1990  Ingen går fri. Directed by Bo Widerberg. Malmö Stadsteater, Sweden.
1989  Le jeu de la vérité. Directed by Patrick Collet. Théâtre de l’utopie, La Rochelle, France.
1990  Le jeu de la vérité. Directed by Daniel Bresse. Théâtre 14, Paris, France.
2024 L’Enfant brûlé, adaptation and direction by Noëmie Ksicova, Odéon Théâtre de L’Europe, Paris, France. (The production opens in Reims November 2023, and will tour France in 2024).

Scenes from the Borås production of Ingen går fri.

In the News

January 2013 – Little Star, a journal of poetry and prose, featured “Evening Promenades” from A Burnt Child in the then new translation by Benjamin Mier-Cruz.


  • A Burnt Child. Translation by Alan Blair and introduction by Laurie Thompson. Quartet Books, London, 1995. ISBN 0-7043-0241-1. Out-of-print. Some copies available on Amazon.com.
  • A Burnt Child. Translation by Benjamin Cruz-Miers. Foreword by Per Olov Enquist. University of Minnesota Press, 2013.
  • A Moth to a Flame. Translation by Benjamin Cruz-Miers. Preface by Siri Hustvedt. Penguin UK, 2018.

Editions and Translations

  • Swedish: Bränt barn. 1948, 1951, 1959, 1962, 1968, 1972, 1991, 2004, 2010 (Norstedts/different series); 1985 (Litteraturfrämjandet/Bra Klassiker)
  • English: A Moth to a Flame/A Burnt Child. 1950 (Chatoo & Windus; Morrow); 1990 (Quartet Books), 2013 (University of Minnesota Press), 2018 (Penguin UK)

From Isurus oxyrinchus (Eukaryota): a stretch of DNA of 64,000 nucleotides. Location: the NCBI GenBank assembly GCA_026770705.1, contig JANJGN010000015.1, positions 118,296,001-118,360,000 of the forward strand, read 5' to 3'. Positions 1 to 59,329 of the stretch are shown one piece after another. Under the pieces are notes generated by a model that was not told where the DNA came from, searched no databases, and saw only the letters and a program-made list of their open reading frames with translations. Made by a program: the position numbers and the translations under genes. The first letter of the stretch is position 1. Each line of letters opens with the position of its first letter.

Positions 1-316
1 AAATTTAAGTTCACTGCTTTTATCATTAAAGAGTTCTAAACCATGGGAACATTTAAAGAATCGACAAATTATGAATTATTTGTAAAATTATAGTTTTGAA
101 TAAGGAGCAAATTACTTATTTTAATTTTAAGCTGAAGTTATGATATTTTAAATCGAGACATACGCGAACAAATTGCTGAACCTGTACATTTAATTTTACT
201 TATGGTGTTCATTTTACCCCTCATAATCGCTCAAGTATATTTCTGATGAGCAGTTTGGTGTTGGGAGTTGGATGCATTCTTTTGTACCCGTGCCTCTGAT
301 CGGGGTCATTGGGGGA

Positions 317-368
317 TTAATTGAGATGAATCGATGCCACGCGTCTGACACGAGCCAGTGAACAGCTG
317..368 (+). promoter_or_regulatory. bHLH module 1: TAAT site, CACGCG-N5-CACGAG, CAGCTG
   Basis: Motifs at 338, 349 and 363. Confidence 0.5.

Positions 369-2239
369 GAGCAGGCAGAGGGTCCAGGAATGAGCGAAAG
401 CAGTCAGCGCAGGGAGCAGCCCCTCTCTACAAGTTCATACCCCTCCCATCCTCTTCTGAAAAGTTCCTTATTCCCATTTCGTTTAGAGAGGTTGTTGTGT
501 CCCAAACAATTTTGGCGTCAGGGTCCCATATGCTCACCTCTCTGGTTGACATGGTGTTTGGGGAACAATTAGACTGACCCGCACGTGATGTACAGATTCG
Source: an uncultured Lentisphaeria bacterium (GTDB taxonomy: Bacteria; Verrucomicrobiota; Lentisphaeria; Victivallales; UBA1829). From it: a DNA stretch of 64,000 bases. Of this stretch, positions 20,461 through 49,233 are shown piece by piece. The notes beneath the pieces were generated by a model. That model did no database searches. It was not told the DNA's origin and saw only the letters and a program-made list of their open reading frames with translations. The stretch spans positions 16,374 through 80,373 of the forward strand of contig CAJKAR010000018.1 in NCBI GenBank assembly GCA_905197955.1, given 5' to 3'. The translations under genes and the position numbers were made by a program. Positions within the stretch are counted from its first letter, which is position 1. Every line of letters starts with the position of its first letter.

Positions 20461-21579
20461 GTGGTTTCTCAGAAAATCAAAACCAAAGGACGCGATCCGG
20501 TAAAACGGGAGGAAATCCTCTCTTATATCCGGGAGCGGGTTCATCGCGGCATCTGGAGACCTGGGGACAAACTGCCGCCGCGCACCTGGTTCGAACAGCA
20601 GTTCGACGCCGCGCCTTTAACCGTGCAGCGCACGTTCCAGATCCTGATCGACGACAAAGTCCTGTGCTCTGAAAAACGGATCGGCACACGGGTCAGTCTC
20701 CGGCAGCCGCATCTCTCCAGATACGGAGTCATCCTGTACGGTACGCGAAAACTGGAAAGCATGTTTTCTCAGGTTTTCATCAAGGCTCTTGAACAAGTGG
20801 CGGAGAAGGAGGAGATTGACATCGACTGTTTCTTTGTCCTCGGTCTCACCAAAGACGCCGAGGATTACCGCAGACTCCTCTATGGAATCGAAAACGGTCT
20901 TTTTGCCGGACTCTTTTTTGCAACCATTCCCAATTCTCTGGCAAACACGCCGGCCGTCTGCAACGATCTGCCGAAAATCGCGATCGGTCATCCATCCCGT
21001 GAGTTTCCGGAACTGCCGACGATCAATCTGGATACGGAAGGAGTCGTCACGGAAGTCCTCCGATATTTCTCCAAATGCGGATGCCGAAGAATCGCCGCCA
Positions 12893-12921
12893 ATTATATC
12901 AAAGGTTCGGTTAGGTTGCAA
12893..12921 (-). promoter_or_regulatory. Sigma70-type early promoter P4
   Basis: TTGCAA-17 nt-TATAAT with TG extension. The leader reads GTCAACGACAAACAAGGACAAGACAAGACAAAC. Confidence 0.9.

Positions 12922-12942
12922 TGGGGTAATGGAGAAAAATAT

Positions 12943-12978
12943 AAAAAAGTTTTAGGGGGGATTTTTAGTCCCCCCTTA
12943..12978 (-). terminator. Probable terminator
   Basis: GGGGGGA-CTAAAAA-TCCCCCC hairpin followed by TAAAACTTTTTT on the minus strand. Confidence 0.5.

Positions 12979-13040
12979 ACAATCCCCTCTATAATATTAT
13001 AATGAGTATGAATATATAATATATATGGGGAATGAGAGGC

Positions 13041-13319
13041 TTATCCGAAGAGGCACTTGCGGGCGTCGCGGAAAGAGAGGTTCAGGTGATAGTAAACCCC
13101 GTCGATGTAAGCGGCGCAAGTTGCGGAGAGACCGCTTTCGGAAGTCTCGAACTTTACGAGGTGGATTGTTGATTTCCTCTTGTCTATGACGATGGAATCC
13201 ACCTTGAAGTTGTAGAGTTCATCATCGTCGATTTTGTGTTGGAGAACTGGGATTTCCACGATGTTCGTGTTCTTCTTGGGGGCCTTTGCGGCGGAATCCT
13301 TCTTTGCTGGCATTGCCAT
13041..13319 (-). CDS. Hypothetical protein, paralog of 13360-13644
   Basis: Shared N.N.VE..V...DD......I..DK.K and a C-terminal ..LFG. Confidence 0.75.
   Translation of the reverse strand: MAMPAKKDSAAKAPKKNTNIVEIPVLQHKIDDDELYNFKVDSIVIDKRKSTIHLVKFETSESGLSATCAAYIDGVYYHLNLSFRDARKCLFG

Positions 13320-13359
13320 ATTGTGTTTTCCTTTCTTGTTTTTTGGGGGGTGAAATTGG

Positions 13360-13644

• Bulgarian: Noscni igri. 1989 (Narodna Kultura)
  • Czech: Popálené díte. 1985 (Odeon)
  • Danish: Brændt barn. 1949 (Hasselbalch); 1967 (Gyldendal)
  • Dutch: Het verbrande kind. 1962 (De bezige bij), 1987, 2006 (Meulenhoff)
  • Estonian: Kes kõrvetada saanud. 1998 (Periodiika Tallin)
  • Farsi: (A Burnt Child), 2022 (Mehri, London)
  • Finnish: Äidin varjossa. 1949, 1984 (Otava)
  • French: L’enfant brûlé. 1956, 1981 (Gallimard)
  • German: Gebranntes Kind, 1983 (Suhrkamp, Verlag Volk und Welt), 2024 (Guggolz)
  • Greek: Kameno paidi. 1998 (Estias)
  • Italian: Bambino bruciato. 1962 (Feltrinelli), 1994 (Iperborea)
  • Lithuanian: Ugnies palyètas. 2002 (Alma littera)
  • Norwegian: Brent barn. 1949 (Tanum)
  • Polish: Poparzone dziecko, 2020 (Ofycina Literacka)
  • Portuguese: O vestido vermelho. 1958 (Estúdios), 1989 (Antígona)
  • Rumanian: Urme de pasi sub apa. 1977 (Editura Univers)
  • Slovakian: Popálené diet’a. 2005 (Slovensky spisovaltl)
  • Spanish: Gato escaldado. 1962 (Seix Barral)
  • Turkish: Forthcoming (kafekitab)